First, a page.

Helen Searls cross-examines the International Tribunal's judgement against the Bosnian Serb militiaman whom it found guilty of 'crimes against humanity'
Time to put the War Crimes Tribunal in the dock
The International Tribunal at The Hague decreed in May that the Bosnian Serb Dusko Tadic was guilty of war crimes and crimes against humanity in the former Yugoslavia. Pending an appeal, the judges are expected to sentence Tadic to life imprisonment later on this year.
Reaction to the verdict was mixed. Some, including the trial judges, saw it as a good day for human rights. Others have been more critical. On both sides of the Atlantic many complained the verdict was 'too little too late'. Within minutes of the verdict, Bosnia correspondent turned MP Martin Bell complained that only seven of the 74 people wanted for 'war crimes' in the former Yugoslavia are in custody. He urged Western governments to do more to bring the war criminals to justice.
Even the critics, however, agreed that the Tadic judgement was a 'historic landmark', the first judgement of an international war crimes tribunal since the Second World War. Inevitable comparisons were widely drawn with the famous military tribunals of Nuremberg and Tokyo. And as the world's first internationally convicted war criminal for 50 years, it was not long before Dusko Tadic was being discussed in the same breath as convicted Nazi war criminals, butchers like Herman Goering, Rudolph Hess or Klaus Barbie.
Nobody, it seemed, wanted to ask the obvious question thrown up by this case: why now? Why after 50 years is a UN body trying individuals for 'crimes against humanity' and 'violations of the laws and customs of war'? You could be forgiven for assuming that it had something to do with the uniquely brutal character of the Bosnian war. The conflict was, after all, frequently described in terms reminiscent of Nazi brutality. A reasonable assumption maybe, but a wrong one. In ploughing through the weighty judgement from The Hague one thing is clear. While terrible things happened on all sides in Bosnia, there is simply no comparison between Dusko Tadic and the Nazi butchers tried at Nuremberg.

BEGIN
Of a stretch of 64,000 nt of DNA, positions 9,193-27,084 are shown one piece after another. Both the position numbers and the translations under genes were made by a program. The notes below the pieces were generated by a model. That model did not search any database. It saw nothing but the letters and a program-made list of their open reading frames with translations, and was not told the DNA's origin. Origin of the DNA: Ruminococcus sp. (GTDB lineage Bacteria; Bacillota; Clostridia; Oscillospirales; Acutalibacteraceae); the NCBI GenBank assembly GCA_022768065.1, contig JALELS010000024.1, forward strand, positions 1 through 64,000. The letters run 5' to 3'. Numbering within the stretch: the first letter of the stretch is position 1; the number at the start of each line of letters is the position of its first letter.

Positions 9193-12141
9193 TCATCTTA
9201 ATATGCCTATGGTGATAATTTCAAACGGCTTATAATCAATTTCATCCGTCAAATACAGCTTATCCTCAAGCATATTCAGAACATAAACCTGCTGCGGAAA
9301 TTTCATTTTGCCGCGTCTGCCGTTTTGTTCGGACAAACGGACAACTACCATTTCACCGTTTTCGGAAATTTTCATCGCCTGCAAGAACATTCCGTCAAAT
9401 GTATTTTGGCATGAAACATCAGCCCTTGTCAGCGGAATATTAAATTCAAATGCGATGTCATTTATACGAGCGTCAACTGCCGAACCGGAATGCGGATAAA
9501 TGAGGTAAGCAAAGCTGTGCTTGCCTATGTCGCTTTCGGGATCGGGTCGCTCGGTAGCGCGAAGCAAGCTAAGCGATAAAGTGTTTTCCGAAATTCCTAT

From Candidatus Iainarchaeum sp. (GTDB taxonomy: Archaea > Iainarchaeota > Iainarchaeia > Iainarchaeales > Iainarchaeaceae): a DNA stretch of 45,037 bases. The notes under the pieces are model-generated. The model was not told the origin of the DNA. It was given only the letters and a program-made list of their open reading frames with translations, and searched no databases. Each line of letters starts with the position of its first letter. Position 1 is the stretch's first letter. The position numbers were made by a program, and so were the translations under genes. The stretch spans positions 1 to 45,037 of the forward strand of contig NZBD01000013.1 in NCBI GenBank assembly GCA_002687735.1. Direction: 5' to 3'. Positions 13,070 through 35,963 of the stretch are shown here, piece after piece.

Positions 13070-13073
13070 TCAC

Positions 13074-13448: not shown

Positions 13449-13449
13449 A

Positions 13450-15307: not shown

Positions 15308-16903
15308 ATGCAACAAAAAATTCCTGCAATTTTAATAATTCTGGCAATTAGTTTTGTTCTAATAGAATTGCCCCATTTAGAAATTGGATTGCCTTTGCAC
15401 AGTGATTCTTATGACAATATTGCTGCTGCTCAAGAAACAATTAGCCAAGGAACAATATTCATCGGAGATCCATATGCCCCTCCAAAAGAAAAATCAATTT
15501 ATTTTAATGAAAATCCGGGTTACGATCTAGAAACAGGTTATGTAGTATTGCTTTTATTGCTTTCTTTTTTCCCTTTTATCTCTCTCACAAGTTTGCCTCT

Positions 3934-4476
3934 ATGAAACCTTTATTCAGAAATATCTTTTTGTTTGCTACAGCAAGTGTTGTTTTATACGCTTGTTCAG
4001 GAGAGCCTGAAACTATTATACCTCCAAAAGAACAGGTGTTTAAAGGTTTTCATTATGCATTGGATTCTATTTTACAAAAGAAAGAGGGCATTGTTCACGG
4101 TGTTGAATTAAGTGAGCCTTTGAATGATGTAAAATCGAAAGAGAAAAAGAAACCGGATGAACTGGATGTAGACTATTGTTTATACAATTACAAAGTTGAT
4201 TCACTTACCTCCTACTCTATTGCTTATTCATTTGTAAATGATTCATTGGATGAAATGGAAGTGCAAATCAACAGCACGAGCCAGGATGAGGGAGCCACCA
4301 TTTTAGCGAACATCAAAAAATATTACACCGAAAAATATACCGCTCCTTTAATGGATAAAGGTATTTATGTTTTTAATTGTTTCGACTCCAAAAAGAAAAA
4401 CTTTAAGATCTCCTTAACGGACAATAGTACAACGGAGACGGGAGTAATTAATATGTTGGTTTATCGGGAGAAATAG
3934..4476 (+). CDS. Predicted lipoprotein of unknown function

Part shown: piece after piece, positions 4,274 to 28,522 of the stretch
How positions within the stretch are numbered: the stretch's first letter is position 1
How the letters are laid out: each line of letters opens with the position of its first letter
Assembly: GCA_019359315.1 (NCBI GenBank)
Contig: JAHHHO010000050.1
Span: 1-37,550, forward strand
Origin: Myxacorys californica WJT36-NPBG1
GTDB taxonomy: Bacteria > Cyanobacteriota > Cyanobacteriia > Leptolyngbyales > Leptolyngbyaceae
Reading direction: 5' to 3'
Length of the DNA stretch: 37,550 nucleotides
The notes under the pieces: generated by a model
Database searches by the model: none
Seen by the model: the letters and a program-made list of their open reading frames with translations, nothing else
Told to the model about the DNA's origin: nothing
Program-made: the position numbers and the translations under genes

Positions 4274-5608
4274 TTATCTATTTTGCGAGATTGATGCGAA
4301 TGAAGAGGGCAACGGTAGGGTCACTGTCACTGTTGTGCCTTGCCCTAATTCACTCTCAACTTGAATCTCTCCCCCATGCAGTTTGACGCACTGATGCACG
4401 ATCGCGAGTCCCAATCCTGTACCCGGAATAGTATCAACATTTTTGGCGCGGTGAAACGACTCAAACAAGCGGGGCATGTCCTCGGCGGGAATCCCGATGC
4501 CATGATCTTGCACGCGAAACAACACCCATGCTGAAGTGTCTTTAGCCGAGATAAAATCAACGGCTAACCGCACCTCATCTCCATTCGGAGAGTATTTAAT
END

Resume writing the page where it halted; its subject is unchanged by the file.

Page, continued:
Before the civil war broke out in Bosnia, Tadic was a cafe owner who practised karate in his spare time. During the war he became a reserve policeman in the Serbian-held sector of Bosnia, manning checkpoints in the Prijedor region. Tadic was indicted for numerous gruesome offences said to have been committed during that time. He faced charges for gang rape, sexual mutilation, abuse of prisoners, persecution, beatings and murder.
Throughout the trial the press made much of the charges against Tadic. Less widely publicised was the fact that the judges decided there was evidence to convict Tadic of only 11 of the total of 31 counts against him. What is more, all of the more serious specific charges of gang rape, sexual mutilation and murder were thrown out. In all he was found guilty of beating 14 Muslim men and of a 'crime against humanity' which is defined as 'persecution'. It is worth examining these charges a little more closely.